C.J. Uzomah, Tyler Conklin, New York Jets, Contract, Stats, PFF
C.J. Uzomah, Tyler Conklin, New York Jets, Getty Images, Jet X Graphic

Will C.J. Uzomah or Tyler Conklin emerge as the New York Jets’ go-to tight end?

The New York Jets made a statement at the tight end position this offseason, signing not one but two starter-level players. Longtime Cincinnati Bengals locker-room leader C.J. Uzomah inked a three-year, $24 million deal, while Minnesota Vikings breakout star Tyler Conklin agreed to a three-year, $20.3 million deal.

With the two players earning similar salaries, it’s up for debate as to who will end up being the team’s “No. 1” tight end – or if they will even have one at all.

The Jets run a lot of 12 personnel packages, which feature two tight ends on the field, so both players will get plenty of snaps. It’s interesting to think about how much of an impact they will each make while playing a similar diet of reps. Can either of them truly emerge as the top guy, or will they share the wealth equally?

Conklin appears to be the player who is turning the most heads in the very early goings of offseason practices. DJ Bien-Aime of the New York Daily News predicted that Conklin will end up being the Jets’ TE1 “by a decent margin.”

Despite earning the smaller contract, could Conklin separate from Uzomah and establish himself as the Jets’ best weapon at the tight end position?

Let’s compare Conklin and Uzomah by identifying some of the advantages that each tight end holds over the other.

Advantage Conklin: Route-running

Conklin is a technically refined route-runner. He is great at freezing defenders when he reaches the top of his route, and when making his breaks, Conklin is explosive and takes sharp angles.

I haven’t been overly impressed with Uzomah’s route-running. He’s good at finding soft spots in the defense’s underneath zone coverages, but you rarely see him create a throwing window by beating a defender. His routes can be clunky as he seems to lack impressive change-of-direction quickness.

At 6-foot-3, Conklin is built much lower to the ground than the 6-foot-6 Uzomah, so it’s no surprise that Conklin is better in this area. It’s tough for a player with the height of an NBA small forward to run buttery-smooth routes in the NFL. Uzomah makes plays with his smarts and physical tools much more so than with his route-running or technical refinement.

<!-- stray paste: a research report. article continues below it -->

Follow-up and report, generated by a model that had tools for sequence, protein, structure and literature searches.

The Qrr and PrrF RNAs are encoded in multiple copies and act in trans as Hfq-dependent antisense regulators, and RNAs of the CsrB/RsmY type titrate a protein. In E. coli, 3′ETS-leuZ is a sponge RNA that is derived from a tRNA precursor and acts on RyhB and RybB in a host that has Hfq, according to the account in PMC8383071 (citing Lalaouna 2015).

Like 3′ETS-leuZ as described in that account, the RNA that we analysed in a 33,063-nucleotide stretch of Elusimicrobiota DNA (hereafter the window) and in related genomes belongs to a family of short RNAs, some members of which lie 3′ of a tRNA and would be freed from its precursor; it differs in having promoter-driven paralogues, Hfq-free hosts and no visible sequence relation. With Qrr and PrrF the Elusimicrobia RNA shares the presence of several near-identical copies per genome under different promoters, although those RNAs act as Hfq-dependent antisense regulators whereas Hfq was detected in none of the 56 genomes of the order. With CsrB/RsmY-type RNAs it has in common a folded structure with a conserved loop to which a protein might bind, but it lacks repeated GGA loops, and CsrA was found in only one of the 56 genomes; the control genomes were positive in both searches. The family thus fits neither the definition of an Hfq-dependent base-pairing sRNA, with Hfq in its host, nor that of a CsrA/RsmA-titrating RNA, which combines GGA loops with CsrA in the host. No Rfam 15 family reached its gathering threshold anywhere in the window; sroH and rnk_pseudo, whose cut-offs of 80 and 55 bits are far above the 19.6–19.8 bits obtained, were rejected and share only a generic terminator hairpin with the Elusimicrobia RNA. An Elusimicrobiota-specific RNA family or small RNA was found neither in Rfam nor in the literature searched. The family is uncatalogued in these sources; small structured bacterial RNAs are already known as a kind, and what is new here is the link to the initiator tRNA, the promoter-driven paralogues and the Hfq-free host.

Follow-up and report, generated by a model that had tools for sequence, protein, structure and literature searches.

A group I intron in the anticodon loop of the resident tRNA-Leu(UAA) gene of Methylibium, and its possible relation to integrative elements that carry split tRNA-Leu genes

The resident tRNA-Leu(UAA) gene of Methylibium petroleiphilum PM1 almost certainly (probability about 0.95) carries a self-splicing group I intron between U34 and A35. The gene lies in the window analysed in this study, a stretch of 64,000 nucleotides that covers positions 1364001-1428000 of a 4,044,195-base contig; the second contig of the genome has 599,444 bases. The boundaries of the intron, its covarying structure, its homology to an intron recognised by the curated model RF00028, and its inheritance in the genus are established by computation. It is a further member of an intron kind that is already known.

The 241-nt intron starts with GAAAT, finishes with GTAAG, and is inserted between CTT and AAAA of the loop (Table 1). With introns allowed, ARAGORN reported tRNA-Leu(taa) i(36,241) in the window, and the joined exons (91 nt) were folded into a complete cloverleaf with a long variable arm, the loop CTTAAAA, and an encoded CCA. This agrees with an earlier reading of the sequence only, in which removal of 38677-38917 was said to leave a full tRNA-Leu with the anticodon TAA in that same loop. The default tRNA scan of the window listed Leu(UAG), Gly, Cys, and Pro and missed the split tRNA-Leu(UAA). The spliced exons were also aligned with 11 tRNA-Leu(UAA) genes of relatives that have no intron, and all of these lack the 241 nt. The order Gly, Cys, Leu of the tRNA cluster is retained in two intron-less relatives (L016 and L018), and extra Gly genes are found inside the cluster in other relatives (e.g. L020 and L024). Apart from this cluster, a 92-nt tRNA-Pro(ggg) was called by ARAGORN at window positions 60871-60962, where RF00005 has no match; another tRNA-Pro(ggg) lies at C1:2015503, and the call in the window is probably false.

When the Jets need their tight end to get himself open by winning in a one-on-one situation, Conklin is their guy.

Expect Conklin to handle routes that require precise technique, such as slants, outs, digs, and corners. The Jets will also likely look to maximize his suddenness at the apex of the route stem by giving him opportunities to run a lot of option routes against linebackers.

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Advantage Uzomah: YAC

Uzomah runs laps around Conklin in the yards-after-catch department.

In 2021, Uzomah ranked 11th among tight ends with 298 yards after the catch and eighth with 10 missed tackles forced.

According to NFL Next Gen Stats, Uzomah ranked fifth-best at his position with plus-89 YAC above expectation. Only Dallas Goedert (+93), Kyle Pitts (+99), George Kittle (+135), and Travis Kelce (+143) sat ahead of him.

Standing at 6-foot-6 and 260 pounds with 4.62 speed, Uzomah is a freight train in the open field.

YAC is the biggest weakness in Conklin’s game. He only has average speed (4.80 forty) and does not have any moves in his toolbox at the tackle point, usually opting to simply put his head down and take what’s given to him.

Conklin only forced two missed tackles in 2021 across his 61 receptions. He ranked 53rd out of 67 tight ends with 0.033 missed tackles forced per reception.

While Conklin ranked eighth among tight ends with 332 yards after the catch, that is mostly because the Vikings did a great job of setting him up with a lot of well-executed screen passes in which he gained a ton of free yards. When it comes to creating his own YAC, Conklin is not very good.

If the Jets need one of their tight ends to go make a play in the open field, Uzomah is their guy.

Look for the Jets to try and give Uzomah chances to catch the ball with a head of steam. They can do this by feeding him on routes that allow him to build horizontal momentum, such as drags, flats, and crossers. He should get some screens, too.

Advantage Conklin: Hands

Conklin has been more reliable at securing the football than Uzomah.

Over four seasons, Conklin has dropped only three passes compared to his 93 receptions, giving him a stellar drop rate of 3.1%. That’s exactly half of the 2021 league average for tight ends (6.2%).